We have had recent comments obviously prompted by our posts of composite chain-plate installations and the Water Wife answered that our bi-rig was off the agenda and why. WW also announced that I would be putting up a post.
So here we go.
Regarding the Art of Motor Sailing, an analysis of engine driven verses sail driven costs will actually be attempted after we have a motor sailing vessel.
One serious outcome of spending so much time building is that a quite good appreciation of what will be required to live aboard for a few years and then cruise the world.
Cruise the world? Some people write it as RTW or CN – WTF? They mostly go the same way, miss 75% of Europe and Australia, 90% of Asia, South American, Africa, Canada, Greenland and 100% of the Antarctic coast. LOL, the last three are very excusable due to a serious lack of marinas and repair facilities. However CNs of the North American continent are now reasonably possible after 2 centuries of industrialisation.
The Water Wife and I would like to see some of the great lakes, rivers and canals of the world. Yes, we would love to do The Loop and the ICW but there is so much more. We would like to take our home on the lower reaches of the Mekong, tour the Indian/Pakistani coast into the Persian Gulf. Maybe the lower reaches of the ancient, giant Chinese rivers and visit Vladivostok. Then after a short cut through the Artic, North Atlantic oceans and the Baltic Sea, explore the canals of Finland, go via the canals and rivers of Russia to the Black Sea and travel via the Danube, Main and Rhine Rivers and German canals back to the North Sea.
Our boat has too much beam for the English and French canals but can travel across Scotland and anchor in ancient harbours on the Irish coast.
So if you are still with me, to cruise, I would like to say I value above all in mechanical things, robust simplicity.
I consider the design of our boat to have robust simplicity, because of its construction and easily driven hulls that draw less than half a metre. Yes, I hear the hecklers mainly from the US saying, “Balsa, what’s robust about that?”.
Well, when its encapsulated properly, it is very, very stiff, strong and you can float in it in all circumstances, except maybe a fire. I feel confident that a repair could be carried out in the worst circumstances using glass fabric, core from virtually any sort of material, underwater epoxy, a Leatherman and bare hands.
So far nothing can beat the robust simplicity of a well maintained, slow speed diesel marine engine and a fixed propellor, except of course having two sets.
Triangular pieces of cloth are undoubtedly the most effective up and down wind sails and in their purest form they don’t need booms of any kind. They do however need effective reefing and furling and especially a large genoa and a stay/storm sail in a serious blow.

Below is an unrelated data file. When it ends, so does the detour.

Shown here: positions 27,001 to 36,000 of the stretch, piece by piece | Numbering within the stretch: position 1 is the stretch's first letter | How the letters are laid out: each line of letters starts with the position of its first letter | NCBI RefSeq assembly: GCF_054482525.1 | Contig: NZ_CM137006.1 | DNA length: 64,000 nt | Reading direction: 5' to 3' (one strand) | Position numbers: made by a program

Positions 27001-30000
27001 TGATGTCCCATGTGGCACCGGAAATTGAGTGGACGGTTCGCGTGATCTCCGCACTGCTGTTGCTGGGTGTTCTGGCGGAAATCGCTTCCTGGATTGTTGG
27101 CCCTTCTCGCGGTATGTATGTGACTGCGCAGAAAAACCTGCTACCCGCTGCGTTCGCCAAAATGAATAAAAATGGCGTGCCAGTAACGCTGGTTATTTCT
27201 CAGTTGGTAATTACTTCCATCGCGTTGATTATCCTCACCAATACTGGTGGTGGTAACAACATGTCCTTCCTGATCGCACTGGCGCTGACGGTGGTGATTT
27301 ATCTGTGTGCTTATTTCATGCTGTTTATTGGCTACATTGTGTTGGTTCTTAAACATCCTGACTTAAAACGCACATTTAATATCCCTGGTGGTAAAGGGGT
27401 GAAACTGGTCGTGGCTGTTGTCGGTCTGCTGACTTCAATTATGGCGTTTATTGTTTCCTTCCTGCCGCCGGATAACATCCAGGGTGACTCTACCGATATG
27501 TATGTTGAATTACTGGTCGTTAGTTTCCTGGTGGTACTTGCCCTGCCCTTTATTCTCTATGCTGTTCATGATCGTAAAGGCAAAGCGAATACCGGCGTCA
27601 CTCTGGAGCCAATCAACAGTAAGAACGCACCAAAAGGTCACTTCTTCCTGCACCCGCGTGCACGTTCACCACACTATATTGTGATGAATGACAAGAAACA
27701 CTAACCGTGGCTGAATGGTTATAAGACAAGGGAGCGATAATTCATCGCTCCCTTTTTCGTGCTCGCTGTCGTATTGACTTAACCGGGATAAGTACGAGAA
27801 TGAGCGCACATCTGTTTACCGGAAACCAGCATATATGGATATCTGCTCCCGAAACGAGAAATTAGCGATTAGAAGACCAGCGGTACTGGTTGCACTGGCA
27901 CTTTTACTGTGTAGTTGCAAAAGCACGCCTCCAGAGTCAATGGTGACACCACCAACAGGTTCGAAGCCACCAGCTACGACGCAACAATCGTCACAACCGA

So after all this ranting hopefully I have set the scene for our choice of robust simplicity in a rig.
Binary’s rig will be head-sails only.
The mast will be an aluminium extrusion, stepped on a compression beam located overhead and just forward of the bridge deck cabin/aft cockpit bulkhead. To keep the mast in line, there will be a single diamond and jumper set with swept spreaders . The stayed mast will have upper and intermediate shrouds to the composite chain-plates located outboard aft of each rear cabin bulkhead. These stays and the diamonds/jumper will be 13mm Dynex Dux. The adjustment lashings for each will be 6mm Dynex Dux.
Simple rigging and a mast shorter than the boat length will allow un-stepping and carrying the mast through rivers, canals and the associated bridges etc. All controls are planned to lead to the front cockpit.
If we can get the right mix of bushings on Alado Nautica’s Lifetime Roller Furling System, the forestays will be 13mm Dynex Dux with Blue Sea rigging screw adjustment. If this mix and match of bushings does not work out, the forestays will be 10mm wire with swageless Blue Sea fittings.
The forestay will carry two 44sqm genoas with an approx 8 metre foot overlapping the mast. Note The Alado Nautica’s roller furler can furl or reef up to two headsails and the self-containing double halyard sheaves allow downwind sailing with twin genoas.
The baby-stay with carry a 16sqm self tacking stay-sail on another Alado Nautica roller furler.
We don’t have a drawing of the rig, so this text description will have to suffice until we actually build the rig. Of course, as usual, please feel free to leave a comment if further clarification is required.